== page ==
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Don’t Believe Everything You Think

November has set in, along with its cold blustery weather and long dark nights. Inside, it’s a busy time of year for law firms and legal departments. This combination of a lot of work and not a lot of daylight hours can be quite a downer.

When our mood drops, our thoughts follow in a negative turn. That’s why my topic for this month is don’t believe everything you think.

Waking in the morning darkness and thinking of the pressures of the day, we might start ruminating on our failings.

At the end of a long day when we are tired and facing a dark, seemingly endless commute home, our minds can easily turn to pessimistic musings.

My lowest thoughts come when I am tired at the end of day. I have learned to recognise them for what they are — signals that I have worked hard and need to rest and recuperate. I also know not to pay attention to what they might be telling me.

I don’t believe everything that I think.

Chances are you are in the winter doldrums when you find yourself thinking things like:

  • I’m not good enough
  • that was stupid of me
  • I am going to fail
  • I am going to mess it up
  • I shouldn’t have
  • this is hopeless
  • I’m trapped.

Don’t believe what you are thinking. Instead, notice that you are feeling low and engage in some simple self-care.

Get a good night’s sleep.

Eat delicious healthy food.

Enjoy some time with loved ones.

Go play outside. Walk, run, ski, or do whatever you like to do in the fresh air.

Take some slow deep breaths a few times a day to keep stress at bay.

A senior partner shared this simple breathing practice with me from Adam Hart, the author of the Power of Food.

  • Get very comfortable – sitting.
  • Eyes closed.
  • Hand on heart.
  • Breathe in for 4 seconds.
  • Breathe out for 7 seconds.
  • Smile while doing. Think a comforting thought while doing.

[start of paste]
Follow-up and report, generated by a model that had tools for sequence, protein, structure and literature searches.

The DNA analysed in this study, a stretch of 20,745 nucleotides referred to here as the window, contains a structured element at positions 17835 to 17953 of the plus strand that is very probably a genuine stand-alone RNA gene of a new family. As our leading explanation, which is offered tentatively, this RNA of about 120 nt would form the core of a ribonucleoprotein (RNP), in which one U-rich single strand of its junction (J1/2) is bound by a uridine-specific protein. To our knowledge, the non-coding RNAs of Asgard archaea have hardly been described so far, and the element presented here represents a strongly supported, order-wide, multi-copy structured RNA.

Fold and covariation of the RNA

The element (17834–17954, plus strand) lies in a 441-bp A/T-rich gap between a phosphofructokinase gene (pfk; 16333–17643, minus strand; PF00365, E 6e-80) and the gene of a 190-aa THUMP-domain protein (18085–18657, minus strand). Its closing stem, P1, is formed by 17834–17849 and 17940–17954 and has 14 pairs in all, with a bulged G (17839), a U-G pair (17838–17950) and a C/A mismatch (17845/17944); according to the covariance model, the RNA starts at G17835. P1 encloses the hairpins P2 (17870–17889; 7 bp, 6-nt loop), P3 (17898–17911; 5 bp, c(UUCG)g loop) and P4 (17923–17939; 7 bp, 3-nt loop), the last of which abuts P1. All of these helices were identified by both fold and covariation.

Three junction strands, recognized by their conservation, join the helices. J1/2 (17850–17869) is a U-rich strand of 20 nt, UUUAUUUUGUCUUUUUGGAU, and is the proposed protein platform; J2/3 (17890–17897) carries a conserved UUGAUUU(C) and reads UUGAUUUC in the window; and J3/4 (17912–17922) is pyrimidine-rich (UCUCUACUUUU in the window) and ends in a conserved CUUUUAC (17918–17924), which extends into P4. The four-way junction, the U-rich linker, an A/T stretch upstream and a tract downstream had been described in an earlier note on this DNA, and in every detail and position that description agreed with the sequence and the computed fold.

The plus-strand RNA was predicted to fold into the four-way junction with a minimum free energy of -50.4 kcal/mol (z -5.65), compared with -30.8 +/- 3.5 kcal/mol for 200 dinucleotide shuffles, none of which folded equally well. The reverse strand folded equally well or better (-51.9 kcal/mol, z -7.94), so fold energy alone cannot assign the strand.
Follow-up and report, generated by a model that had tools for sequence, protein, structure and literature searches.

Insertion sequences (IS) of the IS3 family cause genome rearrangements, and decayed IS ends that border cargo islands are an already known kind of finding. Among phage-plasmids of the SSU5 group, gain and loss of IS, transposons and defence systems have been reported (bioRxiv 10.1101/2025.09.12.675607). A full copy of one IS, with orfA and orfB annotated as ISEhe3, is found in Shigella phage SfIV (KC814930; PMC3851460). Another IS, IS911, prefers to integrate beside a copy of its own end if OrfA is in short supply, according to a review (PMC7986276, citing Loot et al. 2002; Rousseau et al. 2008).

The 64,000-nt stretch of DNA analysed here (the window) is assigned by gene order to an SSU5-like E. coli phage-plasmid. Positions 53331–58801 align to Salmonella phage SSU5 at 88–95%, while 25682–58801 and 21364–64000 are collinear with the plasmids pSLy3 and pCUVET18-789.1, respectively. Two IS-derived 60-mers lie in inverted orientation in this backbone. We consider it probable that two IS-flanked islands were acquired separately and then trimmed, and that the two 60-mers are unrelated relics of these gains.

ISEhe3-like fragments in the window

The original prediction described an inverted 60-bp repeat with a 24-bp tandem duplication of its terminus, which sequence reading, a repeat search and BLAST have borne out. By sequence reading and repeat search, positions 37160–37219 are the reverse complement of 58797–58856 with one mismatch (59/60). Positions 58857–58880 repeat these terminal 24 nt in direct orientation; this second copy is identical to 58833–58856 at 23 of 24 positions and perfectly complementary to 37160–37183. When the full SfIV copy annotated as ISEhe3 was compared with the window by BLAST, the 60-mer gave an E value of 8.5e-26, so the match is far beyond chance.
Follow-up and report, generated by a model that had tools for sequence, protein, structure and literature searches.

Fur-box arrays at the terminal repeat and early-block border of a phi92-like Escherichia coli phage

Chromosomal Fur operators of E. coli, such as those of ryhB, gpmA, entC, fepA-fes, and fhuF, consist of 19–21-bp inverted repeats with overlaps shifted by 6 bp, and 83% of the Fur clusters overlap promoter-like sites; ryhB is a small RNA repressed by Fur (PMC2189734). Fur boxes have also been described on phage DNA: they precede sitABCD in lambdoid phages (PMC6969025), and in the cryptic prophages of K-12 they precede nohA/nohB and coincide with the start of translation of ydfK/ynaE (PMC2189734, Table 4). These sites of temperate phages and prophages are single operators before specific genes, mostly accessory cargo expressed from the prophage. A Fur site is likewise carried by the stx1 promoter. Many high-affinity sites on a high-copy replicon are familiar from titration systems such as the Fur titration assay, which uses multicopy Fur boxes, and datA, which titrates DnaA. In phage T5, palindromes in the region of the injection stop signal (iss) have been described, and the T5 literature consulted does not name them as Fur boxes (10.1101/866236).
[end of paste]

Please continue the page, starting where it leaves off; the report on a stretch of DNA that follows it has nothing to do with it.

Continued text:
The partner told me, “I have done ten days and it has become a calming habit. A friend and I texted several times a day to ensure we did it for the first ten days to make it stick.”

If you’re facing some big challenges, consult with a friend, mentor, or coach for additional insight and a second perspective.

If you find your negative thoughts taking hold for days at a time, reach out to a counsellor for support.

I can tell you what I know is true. In those dark moments you don’t know yourself as well as you might think you do.

Comments

  1. Pleased to see you mention coaches as a resource to turn to when facing big challenges. Coaching itself is quite distinct from services offered by mentors, counsellors, and consultants, all of which can be helpful and can augment each other. Myself, I coach people with anxiety to thrive in life and work.

  2. Thank you for this, Allison. For many young lawyers like myself (and for many young professionals across the board), these negative thoughts can dog us at every turn, at all times of the year. They trigger that primal and familiar sense of anxiety that there are wolves at the cave door. It helps to take a moment to remind ourselves that the stakes, however high, are not *that* high, and that we can handle the stresses ahead without entirely sacrificing our own well-being.

  3. Kristen, you put that so well. Thank you for sharing your comment. It will resonate with many readers!

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